There is a significant need for key faith and planning leaders to carry the process forward. General interest is good but not sufficient for the changes that need to happen. It can take considerable time for this to happen and we have often had to invest in many and wide-ranging meetings for this to be possible. When key local leaders change or fade, there is a corresponding decrease in impact. Because the changes
envisioned by the City Soul work are long-term, these leadership dynamics are extremely important. We have not solved this challenge. What you learn in your own attempts may be a great service to the rest of us.
In most communities and cities, the FBO landscape is fragmented. Most FBOs are accustomed to limited collaboration with other FBOs (even within their own traditions) and may find only temporary cohesion when a larger external threat arises (a zoning change that threatens their status or the spectre of losing their tax-free status). There often exists some cooperation between ministerial associations and some community service groups, which may serve as a starting point, but we have learned that we can’t underestimate how difficult it is to find a coherent organizing point for the FBO community.
Given the above lessons, one challenge is finding a way to talk about “what time it is” (or the general climate, welcoming or not) in terms of the cultural position of FBOs concerning the wider society of their communities and cities. It does not appear likely that FBOs will simply disappear. In some places they are growing, as religion is taking a more significant public role in global and local events, and the role of religion in human culture is increasingly recognized as a permanent feature rather than a temporary state. How should we talk about this changing religious climate? Unfair stereotypes and assumptions about religion are common in the media. Most news about religion is negative, while the contribution of religion to our common lives is significantly positive. There is work to be done to connect FBOs and city planners in the midst of these challenging dynamics.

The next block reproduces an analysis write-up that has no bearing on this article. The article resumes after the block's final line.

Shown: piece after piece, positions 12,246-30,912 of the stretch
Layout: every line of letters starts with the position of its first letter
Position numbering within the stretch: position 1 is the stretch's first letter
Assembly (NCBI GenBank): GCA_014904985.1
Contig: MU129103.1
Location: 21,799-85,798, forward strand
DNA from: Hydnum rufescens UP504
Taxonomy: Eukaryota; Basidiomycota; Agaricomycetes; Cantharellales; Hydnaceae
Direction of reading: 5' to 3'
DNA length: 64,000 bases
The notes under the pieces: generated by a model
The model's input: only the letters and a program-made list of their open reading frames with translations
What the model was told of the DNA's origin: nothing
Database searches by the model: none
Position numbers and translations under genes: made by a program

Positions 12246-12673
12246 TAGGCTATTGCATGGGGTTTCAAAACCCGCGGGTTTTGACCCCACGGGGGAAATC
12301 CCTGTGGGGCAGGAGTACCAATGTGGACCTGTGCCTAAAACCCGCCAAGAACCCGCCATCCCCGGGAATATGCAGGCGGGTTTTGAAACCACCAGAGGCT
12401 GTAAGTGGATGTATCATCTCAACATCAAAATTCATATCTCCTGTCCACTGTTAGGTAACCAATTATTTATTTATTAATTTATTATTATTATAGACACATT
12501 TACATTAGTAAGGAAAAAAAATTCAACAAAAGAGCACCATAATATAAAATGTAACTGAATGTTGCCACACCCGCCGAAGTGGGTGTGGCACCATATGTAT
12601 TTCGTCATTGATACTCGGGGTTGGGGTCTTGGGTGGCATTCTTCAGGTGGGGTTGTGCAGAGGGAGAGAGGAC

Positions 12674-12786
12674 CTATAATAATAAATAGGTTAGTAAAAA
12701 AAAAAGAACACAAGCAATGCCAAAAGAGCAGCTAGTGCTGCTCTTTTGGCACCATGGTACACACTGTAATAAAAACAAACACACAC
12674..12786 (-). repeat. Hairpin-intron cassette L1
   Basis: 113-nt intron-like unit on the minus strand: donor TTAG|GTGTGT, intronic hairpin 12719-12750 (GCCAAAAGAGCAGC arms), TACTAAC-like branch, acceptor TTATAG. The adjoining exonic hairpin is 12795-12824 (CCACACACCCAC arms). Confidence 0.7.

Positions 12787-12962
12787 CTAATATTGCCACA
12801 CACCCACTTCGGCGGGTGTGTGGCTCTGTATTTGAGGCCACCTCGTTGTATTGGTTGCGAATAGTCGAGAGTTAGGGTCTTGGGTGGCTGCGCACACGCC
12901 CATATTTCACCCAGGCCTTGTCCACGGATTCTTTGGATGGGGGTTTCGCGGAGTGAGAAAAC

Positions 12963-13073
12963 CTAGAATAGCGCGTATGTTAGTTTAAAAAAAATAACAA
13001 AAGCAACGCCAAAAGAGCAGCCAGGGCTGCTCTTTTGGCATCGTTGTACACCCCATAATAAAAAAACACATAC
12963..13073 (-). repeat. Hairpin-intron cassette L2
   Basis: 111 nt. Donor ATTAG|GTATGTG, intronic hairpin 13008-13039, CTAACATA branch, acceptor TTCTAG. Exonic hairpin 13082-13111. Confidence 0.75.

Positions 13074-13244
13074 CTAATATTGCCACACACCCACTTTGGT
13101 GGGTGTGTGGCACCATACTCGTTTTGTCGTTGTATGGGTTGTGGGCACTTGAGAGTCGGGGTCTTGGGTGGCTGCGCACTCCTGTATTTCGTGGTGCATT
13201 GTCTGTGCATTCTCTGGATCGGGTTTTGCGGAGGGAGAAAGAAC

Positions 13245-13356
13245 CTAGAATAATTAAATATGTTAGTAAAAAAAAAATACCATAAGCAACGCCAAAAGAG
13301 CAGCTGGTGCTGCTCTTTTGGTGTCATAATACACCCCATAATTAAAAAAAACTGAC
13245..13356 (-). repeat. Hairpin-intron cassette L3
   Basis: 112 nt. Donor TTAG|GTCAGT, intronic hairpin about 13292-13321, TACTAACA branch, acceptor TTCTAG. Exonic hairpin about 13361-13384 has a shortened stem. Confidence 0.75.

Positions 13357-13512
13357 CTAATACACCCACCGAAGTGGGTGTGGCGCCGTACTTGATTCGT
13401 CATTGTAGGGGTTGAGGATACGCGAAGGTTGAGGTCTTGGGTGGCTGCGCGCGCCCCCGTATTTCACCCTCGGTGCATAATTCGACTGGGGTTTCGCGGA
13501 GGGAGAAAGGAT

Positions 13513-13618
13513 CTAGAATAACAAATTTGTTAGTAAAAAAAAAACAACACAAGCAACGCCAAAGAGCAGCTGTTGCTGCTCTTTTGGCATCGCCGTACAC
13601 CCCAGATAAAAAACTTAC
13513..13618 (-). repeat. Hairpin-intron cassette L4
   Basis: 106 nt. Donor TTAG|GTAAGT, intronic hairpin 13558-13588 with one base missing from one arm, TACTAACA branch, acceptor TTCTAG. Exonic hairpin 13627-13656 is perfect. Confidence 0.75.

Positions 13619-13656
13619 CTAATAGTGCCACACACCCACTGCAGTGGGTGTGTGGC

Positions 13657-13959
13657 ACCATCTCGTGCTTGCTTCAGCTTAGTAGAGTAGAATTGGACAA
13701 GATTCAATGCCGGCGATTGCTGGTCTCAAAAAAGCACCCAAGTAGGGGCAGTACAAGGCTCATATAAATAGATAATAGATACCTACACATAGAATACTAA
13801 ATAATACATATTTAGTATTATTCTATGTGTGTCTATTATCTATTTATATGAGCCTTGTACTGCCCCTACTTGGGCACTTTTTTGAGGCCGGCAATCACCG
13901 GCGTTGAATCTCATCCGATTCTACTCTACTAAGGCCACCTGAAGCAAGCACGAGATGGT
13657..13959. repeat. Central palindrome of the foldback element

The dynamics of FBOs and planning are also part of the wider landscape shift from human to technological solutions. Smart cities, data collection, complex analysis, and other techno-bureaucratic solutions are often given unthinking acceptance by citizens. The role of religion can seem antiquated by comparison. FBOs need to look to their right and left to see other groups, including non-religious groups, who are gaining ground in community organizing, neighbour-to-neighbour connecting, and other forms of common good support that can offset these other solutions. The ability to do that varies widely across the FBO landscape.
Practically, the matter of who pays for the development of these new elements of social infrastructure is critical. Where will the investment of time, learning, and convening come from? There are creative ways to begin to bridge these gaps, but the creativity quotient often poses a challenge to interested parties. Key leaders can help to steward these dynamics, but resource needs will have to be solved.
There is a learning requirement for the use of some of the tools. While it isn’t a high barrier compared with other challenges, we have learned that even modest obstacles can impair a fledgling effort. Development of a wider network of resources that can span from one city or community to another will be part of the solution, but it is important to recognize that processes that are obvious or seem simple in one setting can be opaque and complex in another.